--What's the last beautiful thing you paid close attention to outside?

How good it feels to breath very cold air that is clean. How beautiful the snow sounds under feet. Sometimes those are forgotten, taken for granted. This year the winter was very late and I missed it already a lot.

--What's the last beautiful thing you paid close attention to inside?

The voices from the radio.

-- One of the things I most enjoy about your writing is how you create such lovely, complete sensory experiences: the weather, what's being tasted, viewed, and respectfully listened to. As more of us are looking out our windows onto snow covered trees, is there a song or musician you like to listen to for snow watching (after we're done listening to the snow and wind, of course)?

Lately I have been enjoying a lot the works by German composer and musician Stephan Micus. It is amazing how he can transform landscapes and weather into music so well. He even has an album called "Snow".

—Your perfect cold weather food and drink for a cozy afternoon?

Potatoes in any form with a sauce of spinach or mushrooms. A huge salad with a herb spreading for bread. Green tea.

--Name Game.
 I'd like you to help me create a name by answering the following questions:
1. For the first name-the name of your favorite illustrator:

Ilon (from Estonian Ilon Wikland)

2. For the middle name- the name of a favorite weather element,which you find to also be a beautiful word: 

Myrsky ("storm"). These together make a nice coincidence in Finnish as Ilon Myrsky means "Storm of Happiness".

Oh man, Ilon Myrsky is so pretty, and what a treat for us all to get to hear from you today, Anna Emilia. Thank you, again, for chatting with us and for all the inspiration you provide!

From today's interview:  

Ilon Myrsky

Anna Emilia









Kuura (Frost)

Autumn (Sysky)

Wind (Tuuli)

Words, which could easily be names, to be found in Anna Emilia's illustrations:

Apple (Omena)

Birch (Koivu or Visa)

Blossom (Kukka)

Bonfire (the english doesn't work, but Kokko sure does)

Cardamom (Kardemumma)

Claude Monique (this is found on a woman,and I love it.)

Clover (Apila)

Cotton (Puuvilla)

Dream (Unelma)

Emerald (Smaragdi)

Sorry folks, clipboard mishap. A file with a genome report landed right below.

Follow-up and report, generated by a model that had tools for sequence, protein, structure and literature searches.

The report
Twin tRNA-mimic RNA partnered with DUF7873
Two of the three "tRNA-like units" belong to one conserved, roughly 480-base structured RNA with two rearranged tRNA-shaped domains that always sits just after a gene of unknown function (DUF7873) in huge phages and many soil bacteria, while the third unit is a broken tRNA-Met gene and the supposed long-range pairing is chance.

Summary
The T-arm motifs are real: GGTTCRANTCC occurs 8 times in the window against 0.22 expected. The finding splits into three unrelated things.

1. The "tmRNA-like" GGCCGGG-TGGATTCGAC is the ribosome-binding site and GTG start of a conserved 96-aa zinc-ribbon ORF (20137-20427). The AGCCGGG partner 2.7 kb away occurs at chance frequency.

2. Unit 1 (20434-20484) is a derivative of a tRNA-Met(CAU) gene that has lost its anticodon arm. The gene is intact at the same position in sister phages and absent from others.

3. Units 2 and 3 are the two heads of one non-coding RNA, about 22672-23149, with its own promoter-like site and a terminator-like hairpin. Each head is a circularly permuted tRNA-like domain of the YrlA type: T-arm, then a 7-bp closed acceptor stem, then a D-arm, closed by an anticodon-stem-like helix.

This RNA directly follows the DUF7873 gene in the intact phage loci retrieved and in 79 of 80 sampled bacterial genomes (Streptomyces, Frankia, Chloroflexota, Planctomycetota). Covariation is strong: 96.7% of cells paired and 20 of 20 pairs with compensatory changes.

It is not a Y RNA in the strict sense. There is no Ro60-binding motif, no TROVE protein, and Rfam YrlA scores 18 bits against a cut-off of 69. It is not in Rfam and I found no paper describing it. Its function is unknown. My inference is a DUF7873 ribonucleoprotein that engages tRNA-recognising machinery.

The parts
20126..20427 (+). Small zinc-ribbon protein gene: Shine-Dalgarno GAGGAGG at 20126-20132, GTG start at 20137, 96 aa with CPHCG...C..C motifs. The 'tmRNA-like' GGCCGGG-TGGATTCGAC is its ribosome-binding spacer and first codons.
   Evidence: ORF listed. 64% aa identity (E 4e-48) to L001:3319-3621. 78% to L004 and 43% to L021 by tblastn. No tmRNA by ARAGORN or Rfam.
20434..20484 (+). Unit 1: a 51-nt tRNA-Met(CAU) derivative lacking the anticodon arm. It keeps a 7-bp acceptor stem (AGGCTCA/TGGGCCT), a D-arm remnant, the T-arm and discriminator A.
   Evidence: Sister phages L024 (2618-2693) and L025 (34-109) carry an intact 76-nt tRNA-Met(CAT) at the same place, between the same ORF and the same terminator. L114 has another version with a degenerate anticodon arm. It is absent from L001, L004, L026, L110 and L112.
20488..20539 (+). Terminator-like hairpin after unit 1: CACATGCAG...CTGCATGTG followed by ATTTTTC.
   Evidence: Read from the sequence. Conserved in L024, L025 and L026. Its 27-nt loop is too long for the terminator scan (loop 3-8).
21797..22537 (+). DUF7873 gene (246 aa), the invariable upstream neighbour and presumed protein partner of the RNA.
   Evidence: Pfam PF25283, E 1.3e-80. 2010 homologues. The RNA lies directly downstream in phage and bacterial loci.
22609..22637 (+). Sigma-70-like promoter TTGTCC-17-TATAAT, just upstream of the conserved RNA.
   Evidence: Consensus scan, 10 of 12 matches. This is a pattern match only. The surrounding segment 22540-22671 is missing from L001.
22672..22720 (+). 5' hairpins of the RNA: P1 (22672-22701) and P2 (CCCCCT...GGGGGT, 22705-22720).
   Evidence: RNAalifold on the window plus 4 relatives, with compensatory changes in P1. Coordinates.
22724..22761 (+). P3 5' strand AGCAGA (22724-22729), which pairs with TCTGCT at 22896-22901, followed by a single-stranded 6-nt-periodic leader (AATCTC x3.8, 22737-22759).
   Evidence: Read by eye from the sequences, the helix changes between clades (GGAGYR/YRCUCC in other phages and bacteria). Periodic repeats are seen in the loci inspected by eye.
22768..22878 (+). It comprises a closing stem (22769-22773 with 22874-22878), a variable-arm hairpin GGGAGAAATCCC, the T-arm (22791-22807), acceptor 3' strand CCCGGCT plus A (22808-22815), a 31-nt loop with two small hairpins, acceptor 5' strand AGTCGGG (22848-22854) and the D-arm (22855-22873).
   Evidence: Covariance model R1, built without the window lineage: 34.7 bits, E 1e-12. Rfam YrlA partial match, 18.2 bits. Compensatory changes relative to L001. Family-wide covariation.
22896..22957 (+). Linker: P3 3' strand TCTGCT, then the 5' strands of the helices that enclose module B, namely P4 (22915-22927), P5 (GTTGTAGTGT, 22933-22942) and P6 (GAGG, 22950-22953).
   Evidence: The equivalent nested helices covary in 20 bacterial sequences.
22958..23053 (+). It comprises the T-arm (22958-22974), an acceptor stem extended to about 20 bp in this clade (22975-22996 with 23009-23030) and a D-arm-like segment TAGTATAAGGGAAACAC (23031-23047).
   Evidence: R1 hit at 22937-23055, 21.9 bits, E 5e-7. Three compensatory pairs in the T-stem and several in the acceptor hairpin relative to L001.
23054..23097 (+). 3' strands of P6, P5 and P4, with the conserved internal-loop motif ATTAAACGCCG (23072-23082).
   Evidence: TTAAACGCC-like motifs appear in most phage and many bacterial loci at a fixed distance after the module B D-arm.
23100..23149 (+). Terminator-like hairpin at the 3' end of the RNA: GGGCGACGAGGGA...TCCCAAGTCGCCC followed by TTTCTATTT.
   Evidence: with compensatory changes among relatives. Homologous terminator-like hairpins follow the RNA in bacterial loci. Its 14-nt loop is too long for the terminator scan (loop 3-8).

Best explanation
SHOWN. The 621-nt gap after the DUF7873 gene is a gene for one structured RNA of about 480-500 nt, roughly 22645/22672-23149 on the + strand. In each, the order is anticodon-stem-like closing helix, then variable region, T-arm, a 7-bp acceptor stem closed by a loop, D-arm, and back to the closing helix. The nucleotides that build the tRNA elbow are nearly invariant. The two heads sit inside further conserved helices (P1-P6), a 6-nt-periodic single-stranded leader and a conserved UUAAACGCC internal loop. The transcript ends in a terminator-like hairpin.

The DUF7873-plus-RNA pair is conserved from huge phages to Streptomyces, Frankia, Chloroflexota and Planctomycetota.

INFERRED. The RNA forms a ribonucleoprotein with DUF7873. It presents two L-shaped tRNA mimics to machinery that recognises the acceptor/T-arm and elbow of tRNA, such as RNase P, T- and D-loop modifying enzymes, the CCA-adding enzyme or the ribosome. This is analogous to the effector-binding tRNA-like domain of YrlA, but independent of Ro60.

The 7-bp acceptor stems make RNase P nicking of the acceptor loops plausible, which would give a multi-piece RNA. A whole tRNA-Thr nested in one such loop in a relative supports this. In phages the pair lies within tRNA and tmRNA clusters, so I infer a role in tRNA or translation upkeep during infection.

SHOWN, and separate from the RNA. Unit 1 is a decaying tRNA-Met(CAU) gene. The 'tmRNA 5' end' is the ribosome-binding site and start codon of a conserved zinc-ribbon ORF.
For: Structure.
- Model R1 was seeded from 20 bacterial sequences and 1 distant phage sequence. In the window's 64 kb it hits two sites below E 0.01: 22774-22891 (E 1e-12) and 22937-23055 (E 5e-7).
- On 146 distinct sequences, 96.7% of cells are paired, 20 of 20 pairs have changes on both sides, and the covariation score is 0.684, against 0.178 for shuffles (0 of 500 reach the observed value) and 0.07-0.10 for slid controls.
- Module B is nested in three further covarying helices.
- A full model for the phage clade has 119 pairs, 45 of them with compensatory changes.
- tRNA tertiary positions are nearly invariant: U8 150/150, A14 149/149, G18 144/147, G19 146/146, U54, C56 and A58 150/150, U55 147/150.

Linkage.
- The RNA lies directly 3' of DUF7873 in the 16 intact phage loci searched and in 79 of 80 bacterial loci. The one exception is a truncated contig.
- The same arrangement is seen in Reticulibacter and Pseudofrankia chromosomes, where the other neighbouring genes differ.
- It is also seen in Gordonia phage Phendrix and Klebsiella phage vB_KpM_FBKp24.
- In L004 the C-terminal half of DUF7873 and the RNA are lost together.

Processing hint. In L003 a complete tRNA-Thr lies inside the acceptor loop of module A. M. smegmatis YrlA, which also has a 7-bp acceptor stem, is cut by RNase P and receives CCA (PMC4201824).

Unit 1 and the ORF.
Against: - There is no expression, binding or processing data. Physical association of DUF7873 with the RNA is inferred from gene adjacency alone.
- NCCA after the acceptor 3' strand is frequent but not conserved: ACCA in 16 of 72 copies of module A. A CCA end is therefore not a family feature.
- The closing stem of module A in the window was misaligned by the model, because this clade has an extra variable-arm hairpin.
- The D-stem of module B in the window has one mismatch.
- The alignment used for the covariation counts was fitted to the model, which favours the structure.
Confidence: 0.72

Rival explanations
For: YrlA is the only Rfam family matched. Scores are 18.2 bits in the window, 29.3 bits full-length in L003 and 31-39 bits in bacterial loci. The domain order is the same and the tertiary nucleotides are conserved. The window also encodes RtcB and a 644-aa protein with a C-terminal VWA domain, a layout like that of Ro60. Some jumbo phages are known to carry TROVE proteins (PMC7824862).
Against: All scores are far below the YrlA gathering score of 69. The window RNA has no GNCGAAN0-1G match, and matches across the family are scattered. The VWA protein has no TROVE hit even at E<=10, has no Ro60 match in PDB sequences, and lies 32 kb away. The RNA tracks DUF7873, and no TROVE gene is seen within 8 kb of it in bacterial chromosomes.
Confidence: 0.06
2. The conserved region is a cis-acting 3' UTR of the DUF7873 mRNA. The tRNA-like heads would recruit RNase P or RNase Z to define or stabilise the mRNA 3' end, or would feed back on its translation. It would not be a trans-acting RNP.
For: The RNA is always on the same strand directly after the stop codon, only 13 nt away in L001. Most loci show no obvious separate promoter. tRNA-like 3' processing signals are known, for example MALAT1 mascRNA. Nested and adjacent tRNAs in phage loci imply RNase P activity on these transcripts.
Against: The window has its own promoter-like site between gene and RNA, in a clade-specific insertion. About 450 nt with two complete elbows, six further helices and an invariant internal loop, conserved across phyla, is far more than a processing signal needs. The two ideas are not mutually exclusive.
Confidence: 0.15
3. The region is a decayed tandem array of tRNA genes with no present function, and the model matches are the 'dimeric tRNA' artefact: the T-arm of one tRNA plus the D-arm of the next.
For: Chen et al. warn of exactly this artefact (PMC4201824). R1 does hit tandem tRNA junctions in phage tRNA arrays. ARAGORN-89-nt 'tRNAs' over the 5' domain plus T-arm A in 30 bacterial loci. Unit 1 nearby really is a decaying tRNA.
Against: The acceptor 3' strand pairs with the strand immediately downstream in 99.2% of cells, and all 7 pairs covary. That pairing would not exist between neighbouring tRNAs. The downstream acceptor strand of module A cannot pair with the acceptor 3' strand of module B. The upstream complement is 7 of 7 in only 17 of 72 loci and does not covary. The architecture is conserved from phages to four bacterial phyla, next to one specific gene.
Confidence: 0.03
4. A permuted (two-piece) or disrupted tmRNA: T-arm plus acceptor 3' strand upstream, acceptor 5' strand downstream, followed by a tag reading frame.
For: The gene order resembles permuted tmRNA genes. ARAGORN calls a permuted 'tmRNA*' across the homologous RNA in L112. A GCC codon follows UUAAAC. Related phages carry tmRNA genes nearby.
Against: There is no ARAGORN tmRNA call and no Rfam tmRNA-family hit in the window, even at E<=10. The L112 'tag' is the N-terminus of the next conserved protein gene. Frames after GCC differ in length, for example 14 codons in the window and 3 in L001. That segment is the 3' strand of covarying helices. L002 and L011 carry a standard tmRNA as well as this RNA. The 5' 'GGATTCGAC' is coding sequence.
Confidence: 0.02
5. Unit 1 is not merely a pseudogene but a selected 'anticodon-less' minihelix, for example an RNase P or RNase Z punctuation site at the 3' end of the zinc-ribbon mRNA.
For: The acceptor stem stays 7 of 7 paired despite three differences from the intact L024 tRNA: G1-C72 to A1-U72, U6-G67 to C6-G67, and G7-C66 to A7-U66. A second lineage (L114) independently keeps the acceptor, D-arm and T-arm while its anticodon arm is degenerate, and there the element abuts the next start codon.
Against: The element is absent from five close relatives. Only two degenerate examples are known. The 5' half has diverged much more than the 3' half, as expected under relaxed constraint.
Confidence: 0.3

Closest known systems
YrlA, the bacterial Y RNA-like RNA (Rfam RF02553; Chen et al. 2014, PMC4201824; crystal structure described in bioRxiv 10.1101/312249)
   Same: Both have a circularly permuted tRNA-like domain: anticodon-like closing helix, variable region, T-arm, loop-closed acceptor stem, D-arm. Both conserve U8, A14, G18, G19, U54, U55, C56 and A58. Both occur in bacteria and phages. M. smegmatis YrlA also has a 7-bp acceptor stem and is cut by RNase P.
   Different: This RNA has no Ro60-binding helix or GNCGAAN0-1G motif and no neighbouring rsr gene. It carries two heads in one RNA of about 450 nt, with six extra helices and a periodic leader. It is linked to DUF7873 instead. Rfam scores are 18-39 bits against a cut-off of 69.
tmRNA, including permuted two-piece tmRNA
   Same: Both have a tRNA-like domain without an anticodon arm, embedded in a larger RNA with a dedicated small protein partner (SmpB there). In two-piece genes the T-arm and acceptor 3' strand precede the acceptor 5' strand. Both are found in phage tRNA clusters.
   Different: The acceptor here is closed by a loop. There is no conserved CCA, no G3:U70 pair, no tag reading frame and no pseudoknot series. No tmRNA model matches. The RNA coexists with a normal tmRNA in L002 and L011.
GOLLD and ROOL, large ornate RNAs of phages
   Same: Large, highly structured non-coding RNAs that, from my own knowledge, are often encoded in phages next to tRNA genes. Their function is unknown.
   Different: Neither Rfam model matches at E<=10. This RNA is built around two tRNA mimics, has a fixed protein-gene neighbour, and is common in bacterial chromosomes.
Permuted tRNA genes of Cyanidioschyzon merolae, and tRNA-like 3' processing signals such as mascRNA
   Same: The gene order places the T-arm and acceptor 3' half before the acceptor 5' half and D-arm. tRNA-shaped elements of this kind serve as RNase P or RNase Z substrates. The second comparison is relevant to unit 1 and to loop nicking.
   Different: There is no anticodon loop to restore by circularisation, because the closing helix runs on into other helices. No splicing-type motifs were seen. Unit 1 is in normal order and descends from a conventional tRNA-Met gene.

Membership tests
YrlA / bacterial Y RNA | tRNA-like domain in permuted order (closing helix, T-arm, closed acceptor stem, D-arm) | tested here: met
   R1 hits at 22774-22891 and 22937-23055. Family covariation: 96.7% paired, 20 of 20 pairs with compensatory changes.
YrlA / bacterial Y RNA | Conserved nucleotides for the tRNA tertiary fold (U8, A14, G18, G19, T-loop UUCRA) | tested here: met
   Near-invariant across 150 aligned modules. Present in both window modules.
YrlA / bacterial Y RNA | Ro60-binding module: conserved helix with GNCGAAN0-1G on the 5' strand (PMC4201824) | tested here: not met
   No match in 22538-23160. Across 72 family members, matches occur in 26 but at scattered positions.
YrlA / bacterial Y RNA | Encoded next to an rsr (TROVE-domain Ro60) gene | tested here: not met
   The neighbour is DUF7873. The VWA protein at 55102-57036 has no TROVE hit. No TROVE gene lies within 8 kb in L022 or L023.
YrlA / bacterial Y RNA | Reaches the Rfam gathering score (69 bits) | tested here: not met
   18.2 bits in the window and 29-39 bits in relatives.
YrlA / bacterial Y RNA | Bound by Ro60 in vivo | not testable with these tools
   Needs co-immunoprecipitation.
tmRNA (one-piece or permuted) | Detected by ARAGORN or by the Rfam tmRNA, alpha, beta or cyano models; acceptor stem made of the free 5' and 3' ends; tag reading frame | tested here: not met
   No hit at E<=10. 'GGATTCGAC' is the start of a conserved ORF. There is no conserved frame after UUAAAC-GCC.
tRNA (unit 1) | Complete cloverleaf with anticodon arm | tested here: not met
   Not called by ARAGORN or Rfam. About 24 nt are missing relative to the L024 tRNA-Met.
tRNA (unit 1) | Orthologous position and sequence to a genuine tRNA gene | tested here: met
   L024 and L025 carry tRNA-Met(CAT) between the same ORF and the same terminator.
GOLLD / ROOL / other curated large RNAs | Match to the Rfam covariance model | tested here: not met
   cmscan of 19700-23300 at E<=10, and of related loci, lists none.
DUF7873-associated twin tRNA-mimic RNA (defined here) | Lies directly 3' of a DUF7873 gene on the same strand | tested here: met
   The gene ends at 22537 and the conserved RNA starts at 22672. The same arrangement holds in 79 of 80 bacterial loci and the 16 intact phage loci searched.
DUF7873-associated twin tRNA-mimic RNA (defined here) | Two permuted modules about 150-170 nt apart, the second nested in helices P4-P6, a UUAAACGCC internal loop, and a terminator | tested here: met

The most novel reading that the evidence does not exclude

Feather (Sulka)

Field (Pelto)

Flora (Kasvisto)

Forrest (Metsä)


Garden (Puutarha)




Kalevala (the national epic of Finland.)

Lake (Järvi)



Louhi (witch of the north)

Meadow (Niitty)

Midsummer (Juhannus)

North (Pohjoinen)


Orchard (Hedelmätarha)

Romance (Romantiikka)

Sea (Meri)

Snow (Lumi)

Spring (Kevät)

Strawberry (Mansikka)

Tiger (Tiikeri)

Winter (Talvi)

Readers, did this make you as happy as it did me? Any favorites from today's list? Are you craving a trip?

Next up in this series: more Finnish nature names, word names, and modern entertainment. 

See you all soon.  

(images: all courtesy of and by Anna Emilia Laitinen, shop and blog. all images and artwork are protected by copyright--thank you for your courtesy.)


  1. Kuura is my favorite word/name mentioned in this post -- it really sticks with you, and I love the meaning. Gorgeous.

  2. I have always loved the name Lumi - unfortunately my boyfriend vetoed it. So our daughter carries another name. Still love Lumi though.

  3. Sulka and Meri are lovely ones here.

  4. Beautiful illustrations, and lovely names too!

    I heard these Finnish words in a song once, and I think they would be great names for a girl: Suvi (summer) and Ilta (evening).

  5. Such a lovely interview! I love Anna's blog and truly enjoyed getting to know her a bit more from this interview. Thanks for sharing!

  6. I love her artwork and your interview has been very inspiring! Thanks*

  7. i love her work
    it was SO interesting and inspiring to read this interview!

    for christmas i got one of her sprout prints,
    i have wished for it for a long time...it is so beautiful.

    wishing you a nice start on the month of february,

  8. Vibeke, I love that print, too! This was one of my most difficult posts to edit b/c I love all her images and work so much, I wanted to show them all.

    Deepa, Suvi and Ilta are some of the most beautiful names on the planet, I think, and plan on visiting them in a finnish nature names post!

    1. i actually haven't hung it on the wall yet because i am unable to decide where i shall have it! want to have it in every single room : )

  9. Wonderful to read this interview, have just discovered her work and am enamoured with it!

    Thankyou very much! beautiful photo two! x

  10. I do like her illustrations. Nice.

    Liida was the name I liked most from the list. Not sure how it's said exactly, but I'm guessing 'lee da'.